Larry, their dad never missed a school conference, ball game or precollege meeting even when he was exhausted from driving his sales territory all day.  He always picked them up on time and brought them home well fed and full of funny stories.  He never "visited" with them, he parented--even when it was desperately hard to return them, he did so with a smile and a kiss.  And he never undermined or interrogated.  He just loved them and respected their mother and stepfather.  He also had the good sense to marry an exceptional woman and have more lovely children. 

In the last storm we lost a gigantic oak in our yard. A hundred thousand acorns grew on its branches. The oak and its offspring provided shelter to us our home and surroundings. Now that it's gone, it's irreplaceable, yet eventually those medium oaks that grew under its giant canopy will pick up speed.

Our family is sort of that oak in reverse.  Each acorn has more than one tree.  Fathering is complicated sometimes and not always easy or seamless.  My husband accepted my girls first out of love for me and then out of affection for them. We were a package deal.   My former husband gave up his day to day parenting but still provided unconditional love and laughter to his girls, his ultimate imprint no less had they wakened in his home each day.  My father raised his children, then learned to accept them unconditionally even when that acceptance might become difficult.  He never had difficulty accepting his grandchildren.  He thinks they are perfect.
What a joy to have a man fall in love with a child as a father, a father who never stops loving, and a grandfather who sees you as flawless.  It certainly is a joy from the sidelines.

Happy fathers day to all the oaks and acorns.

More Articles of Interest:

Graduation -- Magnolia Blooms

Pushing the Zone -- USDA Hardiness Zones

Curb Appeal -- Leaving Normile

Wednesday, June 6, 2012

The Four "C's" of Curb Appeal

Pulling into the driveway, distracted by the competing interests of a busy household, the exterior curb appeal of a home becomes nearly invisible to the occupant at times.  Thus, it's important to occasionally regard it with a fresh eye.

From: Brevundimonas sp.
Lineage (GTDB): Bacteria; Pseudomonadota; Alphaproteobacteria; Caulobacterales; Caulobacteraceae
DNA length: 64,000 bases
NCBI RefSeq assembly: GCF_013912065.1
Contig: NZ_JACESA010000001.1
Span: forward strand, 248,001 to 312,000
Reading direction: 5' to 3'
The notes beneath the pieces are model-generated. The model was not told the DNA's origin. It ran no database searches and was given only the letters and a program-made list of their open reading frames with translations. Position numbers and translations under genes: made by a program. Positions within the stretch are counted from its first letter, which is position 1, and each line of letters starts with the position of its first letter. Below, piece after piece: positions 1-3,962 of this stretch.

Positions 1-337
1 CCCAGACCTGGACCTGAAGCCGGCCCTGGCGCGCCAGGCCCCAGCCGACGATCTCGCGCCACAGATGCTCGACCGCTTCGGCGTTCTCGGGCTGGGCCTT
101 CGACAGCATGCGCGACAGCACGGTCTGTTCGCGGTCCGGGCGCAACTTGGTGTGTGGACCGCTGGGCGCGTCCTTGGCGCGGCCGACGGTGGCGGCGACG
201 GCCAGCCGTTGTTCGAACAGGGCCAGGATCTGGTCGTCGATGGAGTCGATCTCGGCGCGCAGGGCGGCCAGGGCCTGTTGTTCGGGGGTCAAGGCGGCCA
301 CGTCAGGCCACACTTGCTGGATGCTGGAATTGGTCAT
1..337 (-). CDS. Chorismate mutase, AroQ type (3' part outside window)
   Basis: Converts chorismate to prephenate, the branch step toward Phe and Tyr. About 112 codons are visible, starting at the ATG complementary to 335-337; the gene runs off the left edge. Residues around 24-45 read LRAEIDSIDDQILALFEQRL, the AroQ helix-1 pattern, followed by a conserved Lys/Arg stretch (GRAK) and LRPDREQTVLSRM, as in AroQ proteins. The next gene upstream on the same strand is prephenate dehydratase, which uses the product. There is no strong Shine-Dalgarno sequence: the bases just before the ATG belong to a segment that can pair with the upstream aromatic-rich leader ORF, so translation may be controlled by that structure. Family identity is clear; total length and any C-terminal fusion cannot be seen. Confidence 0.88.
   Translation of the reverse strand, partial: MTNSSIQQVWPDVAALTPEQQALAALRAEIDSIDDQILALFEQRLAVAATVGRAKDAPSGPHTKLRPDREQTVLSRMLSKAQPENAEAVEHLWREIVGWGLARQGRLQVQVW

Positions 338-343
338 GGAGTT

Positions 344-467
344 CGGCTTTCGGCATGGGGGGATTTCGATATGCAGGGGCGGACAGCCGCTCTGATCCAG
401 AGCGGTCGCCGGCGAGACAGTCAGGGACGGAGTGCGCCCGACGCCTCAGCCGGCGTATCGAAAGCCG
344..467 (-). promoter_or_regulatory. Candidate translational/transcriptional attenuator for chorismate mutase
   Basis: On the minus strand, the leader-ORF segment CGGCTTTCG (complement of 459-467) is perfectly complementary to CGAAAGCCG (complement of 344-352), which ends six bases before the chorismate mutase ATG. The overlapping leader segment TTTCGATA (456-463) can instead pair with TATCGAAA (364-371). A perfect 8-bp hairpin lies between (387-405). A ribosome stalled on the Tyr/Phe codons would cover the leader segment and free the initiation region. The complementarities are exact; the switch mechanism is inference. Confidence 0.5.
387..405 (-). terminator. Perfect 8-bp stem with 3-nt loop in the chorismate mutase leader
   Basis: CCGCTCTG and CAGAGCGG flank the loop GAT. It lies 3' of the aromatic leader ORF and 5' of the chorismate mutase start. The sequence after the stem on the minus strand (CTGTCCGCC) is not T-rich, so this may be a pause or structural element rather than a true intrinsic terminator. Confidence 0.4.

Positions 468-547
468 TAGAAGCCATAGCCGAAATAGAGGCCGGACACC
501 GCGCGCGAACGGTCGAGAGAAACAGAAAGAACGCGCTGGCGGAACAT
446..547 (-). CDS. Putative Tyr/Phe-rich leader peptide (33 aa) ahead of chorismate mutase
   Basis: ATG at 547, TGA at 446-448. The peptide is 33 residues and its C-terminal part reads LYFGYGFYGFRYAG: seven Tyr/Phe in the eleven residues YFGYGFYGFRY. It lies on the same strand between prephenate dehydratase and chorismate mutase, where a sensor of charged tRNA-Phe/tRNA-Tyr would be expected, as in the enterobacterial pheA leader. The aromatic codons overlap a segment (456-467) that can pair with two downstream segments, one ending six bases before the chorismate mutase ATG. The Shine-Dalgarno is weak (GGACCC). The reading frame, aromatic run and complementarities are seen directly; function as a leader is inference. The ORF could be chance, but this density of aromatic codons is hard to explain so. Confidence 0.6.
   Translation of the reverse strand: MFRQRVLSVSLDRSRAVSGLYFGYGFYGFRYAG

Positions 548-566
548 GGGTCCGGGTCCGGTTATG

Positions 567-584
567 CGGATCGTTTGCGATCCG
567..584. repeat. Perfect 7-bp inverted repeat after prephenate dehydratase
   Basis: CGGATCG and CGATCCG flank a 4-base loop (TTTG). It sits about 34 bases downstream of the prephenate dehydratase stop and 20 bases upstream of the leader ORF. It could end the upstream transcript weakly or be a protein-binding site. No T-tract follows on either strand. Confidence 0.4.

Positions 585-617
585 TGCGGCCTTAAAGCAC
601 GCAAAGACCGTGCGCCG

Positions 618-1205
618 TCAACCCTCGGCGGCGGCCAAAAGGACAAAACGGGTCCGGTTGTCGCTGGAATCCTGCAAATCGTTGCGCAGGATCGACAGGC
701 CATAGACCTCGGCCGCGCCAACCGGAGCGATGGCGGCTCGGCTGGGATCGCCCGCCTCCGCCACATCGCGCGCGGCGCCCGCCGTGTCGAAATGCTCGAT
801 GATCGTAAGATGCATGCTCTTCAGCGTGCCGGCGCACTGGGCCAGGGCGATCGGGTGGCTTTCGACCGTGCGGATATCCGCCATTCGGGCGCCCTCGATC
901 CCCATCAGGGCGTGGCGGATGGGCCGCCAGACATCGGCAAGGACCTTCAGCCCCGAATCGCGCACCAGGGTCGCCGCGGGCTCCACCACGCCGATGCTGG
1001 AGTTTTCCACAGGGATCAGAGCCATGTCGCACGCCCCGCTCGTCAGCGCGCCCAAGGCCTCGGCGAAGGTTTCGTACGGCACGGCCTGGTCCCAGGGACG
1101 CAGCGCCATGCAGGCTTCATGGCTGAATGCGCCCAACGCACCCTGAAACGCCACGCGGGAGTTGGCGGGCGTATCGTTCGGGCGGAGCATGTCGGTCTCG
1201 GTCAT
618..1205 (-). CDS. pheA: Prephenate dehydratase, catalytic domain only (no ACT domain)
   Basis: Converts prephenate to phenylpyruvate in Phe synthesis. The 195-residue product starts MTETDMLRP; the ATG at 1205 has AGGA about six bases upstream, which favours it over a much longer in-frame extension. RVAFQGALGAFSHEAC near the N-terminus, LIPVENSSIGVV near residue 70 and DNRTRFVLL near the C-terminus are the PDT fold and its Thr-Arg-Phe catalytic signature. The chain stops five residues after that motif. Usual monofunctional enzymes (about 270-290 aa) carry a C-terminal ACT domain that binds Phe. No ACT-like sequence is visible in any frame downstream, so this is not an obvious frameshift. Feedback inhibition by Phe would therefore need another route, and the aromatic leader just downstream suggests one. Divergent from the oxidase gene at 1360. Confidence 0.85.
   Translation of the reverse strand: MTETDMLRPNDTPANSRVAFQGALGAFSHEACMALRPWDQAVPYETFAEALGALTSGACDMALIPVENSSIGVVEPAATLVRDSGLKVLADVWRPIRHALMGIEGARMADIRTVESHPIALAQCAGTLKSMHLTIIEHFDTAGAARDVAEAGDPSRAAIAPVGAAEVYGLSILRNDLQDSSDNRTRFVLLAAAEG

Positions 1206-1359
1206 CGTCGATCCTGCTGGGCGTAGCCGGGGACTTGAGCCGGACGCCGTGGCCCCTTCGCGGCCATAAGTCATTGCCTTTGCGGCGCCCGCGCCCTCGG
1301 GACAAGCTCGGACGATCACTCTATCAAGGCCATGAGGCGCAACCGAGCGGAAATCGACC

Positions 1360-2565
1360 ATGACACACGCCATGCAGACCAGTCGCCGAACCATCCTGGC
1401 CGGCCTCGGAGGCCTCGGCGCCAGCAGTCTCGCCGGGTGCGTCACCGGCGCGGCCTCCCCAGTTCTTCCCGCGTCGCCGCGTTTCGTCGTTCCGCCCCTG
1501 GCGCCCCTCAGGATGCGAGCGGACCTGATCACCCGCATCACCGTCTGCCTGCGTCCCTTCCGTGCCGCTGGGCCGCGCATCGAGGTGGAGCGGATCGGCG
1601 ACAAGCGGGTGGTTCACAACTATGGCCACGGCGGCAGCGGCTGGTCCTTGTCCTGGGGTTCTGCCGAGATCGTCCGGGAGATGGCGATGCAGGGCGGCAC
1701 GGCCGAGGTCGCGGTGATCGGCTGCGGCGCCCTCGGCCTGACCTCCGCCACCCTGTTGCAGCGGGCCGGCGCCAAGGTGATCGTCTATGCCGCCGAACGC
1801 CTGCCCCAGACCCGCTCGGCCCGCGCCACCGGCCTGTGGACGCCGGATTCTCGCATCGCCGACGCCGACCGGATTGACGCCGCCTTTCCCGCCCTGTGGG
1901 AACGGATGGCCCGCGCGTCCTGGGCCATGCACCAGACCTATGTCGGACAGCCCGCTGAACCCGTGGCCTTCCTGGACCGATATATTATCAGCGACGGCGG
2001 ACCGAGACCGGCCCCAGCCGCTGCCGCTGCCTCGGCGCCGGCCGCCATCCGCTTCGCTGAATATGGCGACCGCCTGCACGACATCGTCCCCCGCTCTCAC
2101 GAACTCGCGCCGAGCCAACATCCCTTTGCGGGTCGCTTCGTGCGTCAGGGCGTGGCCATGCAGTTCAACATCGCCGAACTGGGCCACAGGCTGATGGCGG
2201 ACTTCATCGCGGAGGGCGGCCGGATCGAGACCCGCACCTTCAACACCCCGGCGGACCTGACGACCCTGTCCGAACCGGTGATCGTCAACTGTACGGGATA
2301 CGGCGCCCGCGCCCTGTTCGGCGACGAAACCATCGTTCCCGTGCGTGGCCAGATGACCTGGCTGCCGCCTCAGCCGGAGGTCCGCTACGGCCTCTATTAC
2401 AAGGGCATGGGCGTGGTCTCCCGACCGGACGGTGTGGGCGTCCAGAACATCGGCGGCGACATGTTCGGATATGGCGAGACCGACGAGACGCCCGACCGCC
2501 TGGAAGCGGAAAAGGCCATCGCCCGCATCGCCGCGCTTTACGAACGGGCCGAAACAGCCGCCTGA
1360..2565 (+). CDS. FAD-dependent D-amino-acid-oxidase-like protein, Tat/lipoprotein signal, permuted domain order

Pull over and spend a couple minutes observing your abode from the street.  What is the impression given to a first time viewer? Look at the other homes on the block.  Which do you admire most, and why?  Glancing back, would you wish to be your own neighbor?

If the answer's "No," perhaps a few improvements are in order.

Curb appeal of a home depends upon the four "C's": 

Compatibility, Color, Contrast and Cleanliness:

Compatibility:   Are the features of the home and garden consistent with the style and period?  Coach lights on a modernist cube would not be complementary.  Cape Cods and Tudors call for a different exterior planting style than a Colonial.  A tangled English garden is lovely, but confounds the clean lines of an American bungalow.

Color:  Is the color of the home and trim consistent with exterior plantings?   Purple pansies or wave petunia look fabulous against a yellow sided home.  The most stand-out color?  Surprisingly it's white!  Clean white blooms against dark or red brick or planted along evergreens really pop.  Red blooms may fight in tones with a similar exterior.  Lay down some red Knockout Roses against a white Cape Cod and the contrast is lovely.

Contrast: Too much neutrality renders the home invisible.  It's difficult to duplicate the same hues amongst plants and bricks and mortar.  There's no need for the yard to be "matchy matchy."  It's not just the blooms that provide contrast, and thus interest.  In the long run it's the staples of the garden, the shrubs and trees.  Lighter bark stands out against reds and browns, darker trunks against whites, tans and yellows.

Cleanliness:  Nothing spoils curb appeal like overgrowth or an unkempt look.  Shrubs and trees shouldn't block or overwhelm windows.  Hedges are meant to be clipped and thinned.  Sweep the front porch, and send dried annuals from the previous year to the compost heap.   Crisply edge not only the lawn, but the front beds which should have some curvature to soften the lines of the home.  Shrubs should be trimmed and natural mulch is mandatory.  If the yard contains growth other than trees from grandmother's era, then some removal and updating is necessary.

Recycle bins should be stored out back. Welcome mats are exactly that. 

Rule of thumb--less is more.  Keep it simple and clean. The front steps are not the best place to display the entire collection of antique butter churns.

Play up the highlights, the unique features of your home--the appeal won't end at the curb.

More Articles of Interest:

Curb Appeal -- Leaving Normile

Hens and Chicks -- Garden Bouquets are Cheep!

When Should I Plant Annuals in Southeast Michigan?